One of the arguments frequently made about why businesses should take accessibility seriously is that by failing to address accessibility significant money is left on the table. Time and again the basic argument goes something like the following:
There is this sizable untapped market of people with disabilities just waiting to spend money. If you make your web site comply with accessibility standard X, you too can tap this market and get part of the money just waiting to flow through your newly-made-accessible web site.
In the United Kingdom, 75 per cent of the companies of the FTSE 100 Index on the London Stock Exchange do not meet basic levels of web accessibility, thus missing out on more than $147 million in revenue.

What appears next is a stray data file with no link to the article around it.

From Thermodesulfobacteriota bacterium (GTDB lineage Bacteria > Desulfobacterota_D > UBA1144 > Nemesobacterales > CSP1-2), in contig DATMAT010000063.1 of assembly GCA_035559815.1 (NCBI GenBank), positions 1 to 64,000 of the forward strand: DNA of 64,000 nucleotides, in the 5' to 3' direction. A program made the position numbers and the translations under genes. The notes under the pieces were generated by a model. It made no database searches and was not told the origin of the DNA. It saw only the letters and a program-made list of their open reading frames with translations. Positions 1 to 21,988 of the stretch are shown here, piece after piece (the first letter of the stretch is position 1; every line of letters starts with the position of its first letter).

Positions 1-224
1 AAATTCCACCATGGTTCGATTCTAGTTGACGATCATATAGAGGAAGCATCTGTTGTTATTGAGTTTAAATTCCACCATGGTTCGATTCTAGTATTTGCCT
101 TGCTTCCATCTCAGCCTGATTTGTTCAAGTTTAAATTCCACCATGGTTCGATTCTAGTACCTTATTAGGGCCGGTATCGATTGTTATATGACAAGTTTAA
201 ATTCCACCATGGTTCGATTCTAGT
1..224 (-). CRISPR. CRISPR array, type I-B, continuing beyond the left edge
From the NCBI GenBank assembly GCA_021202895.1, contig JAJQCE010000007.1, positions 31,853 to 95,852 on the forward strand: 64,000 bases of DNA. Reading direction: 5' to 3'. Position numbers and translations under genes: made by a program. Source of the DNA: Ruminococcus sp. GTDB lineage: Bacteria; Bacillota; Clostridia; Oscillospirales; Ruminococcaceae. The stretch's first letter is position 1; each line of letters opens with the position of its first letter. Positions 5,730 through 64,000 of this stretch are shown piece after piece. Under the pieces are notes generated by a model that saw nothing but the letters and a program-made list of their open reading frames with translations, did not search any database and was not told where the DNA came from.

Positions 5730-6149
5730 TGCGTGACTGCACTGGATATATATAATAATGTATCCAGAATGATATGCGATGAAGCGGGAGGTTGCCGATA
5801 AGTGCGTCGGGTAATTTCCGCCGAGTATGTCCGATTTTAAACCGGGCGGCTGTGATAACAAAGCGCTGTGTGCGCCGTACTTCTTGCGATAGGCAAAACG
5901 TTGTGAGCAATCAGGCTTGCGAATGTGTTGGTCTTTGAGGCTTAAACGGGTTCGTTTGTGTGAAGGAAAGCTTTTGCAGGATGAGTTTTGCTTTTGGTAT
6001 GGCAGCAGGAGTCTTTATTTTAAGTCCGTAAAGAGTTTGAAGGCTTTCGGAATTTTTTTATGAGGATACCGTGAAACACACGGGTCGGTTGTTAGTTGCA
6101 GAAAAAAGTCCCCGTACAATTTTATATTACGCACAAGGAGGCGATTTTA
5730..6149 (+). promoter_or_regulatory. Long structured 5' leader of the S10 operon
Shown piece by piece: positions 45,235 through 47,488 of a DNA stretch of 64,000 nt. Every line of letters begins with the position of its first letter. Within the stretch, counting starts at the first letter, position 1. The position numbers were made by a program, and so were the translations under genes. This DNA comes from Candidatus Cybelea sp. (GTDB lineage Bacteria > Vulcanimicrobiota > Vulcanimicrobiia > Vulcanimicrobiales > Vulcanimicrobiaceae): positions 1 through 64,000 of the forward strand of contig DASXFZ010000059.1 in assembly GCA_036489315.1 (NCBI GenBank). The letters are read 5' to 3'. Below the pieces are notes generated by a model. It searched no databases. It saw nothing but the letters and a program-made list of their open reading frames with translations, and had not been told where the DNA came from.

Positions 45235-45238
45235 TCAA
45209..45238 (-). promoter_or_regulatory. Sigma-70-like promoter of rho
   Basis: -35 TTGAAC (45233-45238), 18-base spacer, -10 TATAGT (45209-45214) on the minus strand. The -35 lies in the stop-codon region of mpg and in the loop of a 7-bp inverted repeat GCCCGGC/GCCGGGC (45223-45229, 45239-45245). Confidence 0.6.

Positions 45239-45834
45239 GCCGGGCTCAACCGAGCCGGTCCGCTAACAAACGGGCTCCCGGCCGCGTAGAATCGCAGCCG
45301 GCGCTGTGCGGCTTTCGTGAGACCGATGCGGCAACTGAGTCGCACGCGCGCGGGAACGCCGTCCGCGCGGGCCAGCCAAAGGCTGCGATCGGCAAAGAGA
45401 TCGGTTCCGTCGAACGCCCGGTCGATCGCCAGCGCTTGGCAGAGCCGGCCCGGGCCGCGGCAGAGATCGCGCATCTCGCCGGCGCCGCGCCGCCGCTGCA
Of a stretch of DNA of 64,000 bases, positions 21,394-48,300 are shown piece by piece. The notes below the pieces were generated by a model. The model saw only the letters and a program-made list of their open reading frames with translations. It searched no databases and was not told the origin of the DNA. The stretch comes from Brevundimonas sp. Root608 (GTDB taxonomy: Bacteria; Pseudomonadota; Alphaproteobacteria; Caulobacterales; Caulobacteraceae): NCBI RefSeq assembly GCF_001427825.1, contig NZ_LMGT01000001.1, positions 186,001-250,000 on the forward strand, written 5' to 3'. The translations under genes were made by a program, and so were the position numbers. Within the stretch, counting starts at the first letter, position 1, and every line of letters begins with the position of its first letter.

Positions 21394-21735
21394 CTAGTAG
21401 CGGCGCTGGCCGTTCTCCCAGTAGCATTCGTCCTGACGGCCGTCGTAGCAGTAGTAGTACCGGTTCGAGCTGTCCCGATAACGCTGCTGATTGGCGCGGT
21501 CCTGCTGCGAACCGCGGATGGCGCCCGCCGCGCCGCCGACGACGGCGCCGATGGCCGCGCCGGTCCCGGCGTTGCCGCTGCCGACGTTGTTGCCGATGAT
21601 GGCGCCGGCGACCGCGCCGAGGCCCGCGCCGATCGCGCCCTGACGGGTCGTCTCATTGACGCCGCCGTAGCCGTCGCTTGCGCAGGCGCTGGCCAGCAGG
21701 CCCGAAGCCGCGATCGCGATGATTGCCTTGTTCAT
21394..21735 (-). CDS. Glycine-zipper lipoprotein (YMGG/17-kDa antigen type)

Make no mistake, I’m all for accessibility ffor many reasons. That said, I’d love to see these claims about how much money is being left on the table be supported with more factual economic impact data. Consider this blog posting more of a question to the vast online community. Have people found quality economic studies to back these claims up? I’d love to see a business example that shows where company X invested a certain dollar amount in improving accessibility and saw Y return on that spending.